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Lim: Working in Norway

In our InterNations Recommended Blog section we let you take the spotlight! Expat life in general is, of course, a perfect breeding ground for great, user-generated reads, and life in Oslo makes no exception. Take your time and browse the great blogs showcased in this article!

Please tell us a little bit about yourself. Who you are, where you come from, when you moved to Oslo, etc.

I’m Lim from Singapore, engineer by trade, amateur kitchen chef by nights, weekends and globe trotter during holidays. I’m also an Ozzie resident, having lived in Down Under for many years before I came to Norway. Early 2010 I went on holidays to Scandinavia and about two months later, I applied for a job in Norway for the sheer fun of it, and next thing you know in November of the same year I moved to Oslo. Life changes fast.

When and why did you decide to start blogging about your experiences?

My first travel experience blog was the Scandivanian holiday that I embarked on in 2010, I decided to start writing one because whilst on holidays you visit many places and experience a huge variety of things and I want to remember what it was like during each experience so I started to blog. So moving to Oslo and writing a blog is a no-brainer, I was going to do it to keep it as a journal of life experiences here and as something to reflect on as I get older and hopefully wiser, hence Working in Norway was born. Writing a blog also helps others who sometimes need help or advice reach out to you, which some people have done. Writing a blog takes a lot of time but it’s worth it in the end.

Do you have any favorite blog entries of yours?

Oh which ones to pick? The time I spent an “Alternate Christmas” with homeless people was definitely interesting. My first work 9 hour Christmas party is definitely something to remember, and the one time I was approached by someone whilst shopping in the city who actually followed my blog as a result of reading a blog entry about the Oslo bombing, that is something that I’ll never forget. Made me realize this is a really small world we live in, what are the chances of someone who reads your blog bumping into you on the street? And of course the beautiful fjords that I experienced several times on holidays.

Tell us about the ways your new life in Oslo differs from that back home. Did you have trouble getting used to the new circumstances? Did you experience culture shock?

Where do I start? The weather is different, I was largely accustomed to a lot warmer weather. For example the summer that I experience in Oslo is the winter I used to experience in Australia. People here are different, not as warm and not very approachable, but that’s just the way it is. I used to catch public transport to work now I just walk, I walk a lot more now. People here finish work really early too, and leaving work for personal reasons is mostly acceptable. Things cost a lot more in Norway and that’s still quite hard to accept for me as well as a lot of other expats.  Initially it was very hard and trying for me getting settled here as I moved alone and didn’t know anyone. And arriving here during the harshest winter in a century was a real test of my sanity at times. And of course I did experience culture shock. Still do during some days! For me it was like moving to another planet.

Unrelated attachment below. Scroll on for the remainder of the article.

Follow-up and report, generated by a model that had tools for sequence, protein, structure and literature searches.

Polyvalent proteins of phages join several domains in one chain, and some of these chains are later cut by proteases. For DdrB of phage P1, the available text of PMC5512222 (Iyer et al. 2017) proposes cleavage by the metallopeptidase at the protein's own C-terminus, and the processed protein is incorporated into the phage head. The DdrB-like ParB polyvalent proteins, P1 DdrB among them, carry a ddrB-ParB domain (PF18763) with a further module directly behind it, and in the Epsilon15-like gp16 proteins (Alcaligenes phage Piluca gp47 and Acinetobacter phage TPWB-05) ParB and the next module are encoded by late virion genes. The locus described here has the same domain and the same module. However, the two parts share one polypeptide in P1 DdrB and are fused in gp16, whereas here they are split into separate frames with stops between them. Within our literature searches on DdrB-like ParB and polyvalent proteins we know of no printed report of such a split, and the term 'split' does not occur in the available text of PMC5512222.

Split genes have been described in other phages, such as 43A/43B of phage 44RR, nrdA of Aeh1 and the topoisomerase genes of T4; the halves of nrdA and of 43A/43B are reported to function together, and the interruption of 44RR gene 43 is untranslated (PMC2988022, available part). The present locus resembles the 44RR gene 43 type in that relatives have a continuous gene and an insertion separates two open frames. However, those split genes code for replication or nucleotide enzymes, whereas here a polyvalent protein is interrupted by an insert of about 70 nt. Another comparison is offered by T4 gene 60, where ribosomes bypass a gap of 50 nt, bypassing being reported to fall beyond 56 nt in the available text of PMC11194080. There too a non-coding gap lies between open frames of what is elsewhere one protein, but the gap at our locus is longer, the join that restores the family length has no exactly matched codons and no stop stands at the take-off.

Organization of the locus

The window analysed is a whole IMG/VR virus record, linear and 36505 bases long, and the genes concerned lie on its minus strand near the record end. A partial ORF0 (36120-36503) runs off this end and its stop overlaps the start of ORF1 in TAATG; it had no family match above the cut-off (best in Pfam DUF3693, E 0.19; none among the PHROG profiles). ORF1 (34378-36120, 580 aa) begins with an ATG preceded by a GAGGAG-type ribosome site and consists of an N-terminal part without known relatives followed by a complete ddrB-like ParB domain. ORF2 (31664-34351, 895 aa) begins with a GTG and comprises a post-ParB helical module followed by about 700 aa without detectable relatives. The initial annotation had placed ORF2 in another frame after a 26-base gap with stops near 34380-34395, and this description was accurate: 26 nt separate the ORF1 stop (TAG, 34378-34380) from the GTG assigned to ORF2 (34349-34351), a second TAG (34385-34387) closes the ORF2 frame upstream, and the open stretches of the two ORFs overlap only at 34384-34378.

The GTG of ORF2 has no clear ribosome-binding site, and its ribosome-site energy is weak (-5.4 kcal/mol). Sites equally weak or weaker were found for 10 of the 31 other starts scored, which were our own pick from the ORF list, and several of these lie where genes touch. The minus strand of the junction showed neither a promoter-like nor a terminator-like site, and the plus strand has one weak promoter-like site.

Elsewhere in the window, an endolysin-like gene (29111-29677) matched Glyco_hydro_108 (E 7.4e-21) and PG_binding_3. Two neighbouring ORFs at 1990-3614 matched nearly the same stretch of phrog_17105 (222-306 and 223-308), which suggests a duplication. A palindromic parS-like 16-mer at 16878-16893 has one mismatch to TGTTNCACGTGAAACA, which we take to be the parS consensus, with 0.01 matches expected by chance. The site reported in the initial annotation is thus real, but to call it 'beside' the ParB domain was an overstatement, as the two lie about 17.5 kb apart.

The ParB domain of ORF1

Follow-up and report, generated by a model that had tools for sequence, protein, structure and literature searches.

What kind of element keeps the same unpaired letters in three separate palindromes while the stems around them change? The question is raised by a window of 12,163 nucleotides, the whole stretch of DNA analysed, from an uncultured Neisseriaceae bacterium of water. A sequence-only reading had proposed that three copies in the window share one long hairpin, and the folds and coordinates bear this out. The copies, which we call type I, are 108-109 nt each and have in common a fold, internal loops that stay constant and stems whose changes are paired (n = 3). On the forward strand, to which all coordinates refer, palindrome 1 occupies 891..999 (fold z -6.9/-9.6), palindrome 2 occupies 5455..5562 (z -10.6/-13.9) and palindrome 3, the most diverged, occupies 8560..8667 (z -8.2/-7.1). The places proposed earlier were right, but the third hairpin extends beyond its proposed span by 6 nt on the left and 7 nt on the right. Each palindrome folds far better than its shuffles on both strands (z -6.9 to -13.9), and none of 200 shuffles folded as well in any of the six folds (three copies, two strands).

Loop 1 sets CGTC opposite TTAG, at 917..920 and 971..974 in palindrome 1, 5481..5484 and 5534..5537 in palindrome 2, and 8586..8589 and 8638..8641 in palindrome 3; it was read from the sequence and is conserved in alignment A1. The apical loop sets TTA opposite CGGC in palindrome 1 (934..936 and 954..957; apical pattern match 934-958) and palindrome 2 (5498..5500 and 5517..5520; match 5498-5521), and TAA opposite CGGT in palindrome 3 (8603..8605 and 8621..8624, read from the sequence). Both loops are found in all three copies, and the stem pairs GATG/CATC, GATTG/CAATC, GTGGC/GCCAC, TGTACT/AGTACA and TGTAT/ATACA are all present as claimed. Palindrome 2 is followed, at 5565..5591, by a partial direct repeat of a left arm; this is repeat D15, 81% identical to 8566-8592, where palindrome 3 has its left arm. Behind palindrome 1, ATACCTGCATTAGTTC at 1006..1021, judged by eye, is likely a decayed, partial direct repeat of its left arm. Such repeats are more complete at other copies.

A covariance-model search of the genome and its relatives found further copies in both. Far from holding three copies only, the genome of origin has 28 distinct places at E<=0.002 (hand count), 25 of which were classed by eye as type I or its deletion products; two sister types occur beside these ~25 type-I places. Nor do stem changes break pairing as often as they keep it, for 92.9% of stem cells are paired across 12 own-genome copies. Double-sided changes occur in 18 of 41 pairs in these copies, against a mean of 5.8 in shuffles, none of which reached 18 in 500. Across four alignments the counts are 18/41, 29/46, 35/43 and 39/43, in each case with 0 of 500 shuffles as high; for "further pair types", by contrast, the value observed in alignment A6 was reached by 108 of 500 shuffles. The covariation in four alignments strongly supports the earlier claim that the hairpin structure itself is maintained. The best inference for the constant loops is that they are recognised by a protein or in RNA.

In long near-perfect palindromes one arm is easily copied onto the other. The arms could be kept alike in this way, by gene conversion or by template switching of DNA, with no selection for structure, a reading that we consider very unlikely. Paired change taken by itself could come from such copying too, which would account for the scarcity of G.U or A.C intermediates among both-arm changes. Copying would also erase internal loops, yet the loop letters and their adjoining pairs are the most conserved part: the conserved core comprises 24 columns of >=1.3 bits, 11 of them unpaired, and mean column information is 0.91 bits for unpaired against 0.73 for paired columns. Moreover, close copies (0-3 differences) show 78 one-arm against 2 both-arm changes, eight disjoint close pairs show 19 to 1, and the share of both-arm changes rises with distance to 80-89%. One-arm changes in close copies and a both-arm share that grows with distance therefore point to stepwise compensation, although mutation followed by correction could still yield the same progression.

Do you think you were fully prepared for what awaited you in Oslo? If you could, would you change some decisions/preparations you made?

I was not, and I don’t think there is any way to be fully prepared. There are things that will remain unknown until you arrive here. Like the time period to get your social security number, knowing that you need to have your name and address on your postbox in order to get your mail delivered, and things like that. Perhaps learning to speak Norwegian would help a bit but not a lot since most people can speak if not understand English. The best thing to prepare is to keep an open mind, have great tolerance and just know that it will all work out in the end. Knowing that you can never be fully prepared also makes things more exciting I guess.

Every expat knows that expat life comes with some hilarious anecdotes and funny experiences. Care to share one with us?

I learnt a small bit of Norwegian and when I was learning to say the word “liker” I was emphasizing the wrong part of the word so it sounded rather vulgar. You can use your imagination to think of what it means!

Which three tips would you like to give future expats before they embark on their new life in Oslo?

  • Save some money before you get here to tide you over before you get your first paycheck. It might take a while to open a bank account if you do not have your social security number.
  • Bring and buy any and all necessities before you arrive here. Things in Norway are expensive. You will save bucketloads by not doing your shopping here.
  • Learn Norwegian if your job needs it but you should mostly be able to get along.

How is the expat community in Oslo? Did you have a hard time finding like-minded people or fellow expats?

I’ve not been to many expat gatherings so I don’t know. From what expat gatherings I’ve been to, there’s definitely expats here but not as many as compared to other countries. Even at work the majority of people are Norwegians, and I work at an MNC.

How would you summarize your expat life in Oslo in a single, catchy sentence?

Norsk, Pølse, Matpakke, Fjords, Vikings, Skiing, some things I dreamt of as a kid, some not, but now a reality.

David Hicks

"Thanks to my network on InterNations, I already had some contact persons to ask for support on coming to Oslo. "

Amelie Barreau

"Enjoying the great spirit of our InterNations’ Oslo Community for the last few months, I am absolutely convinced of the vision to bring people from different nations together."

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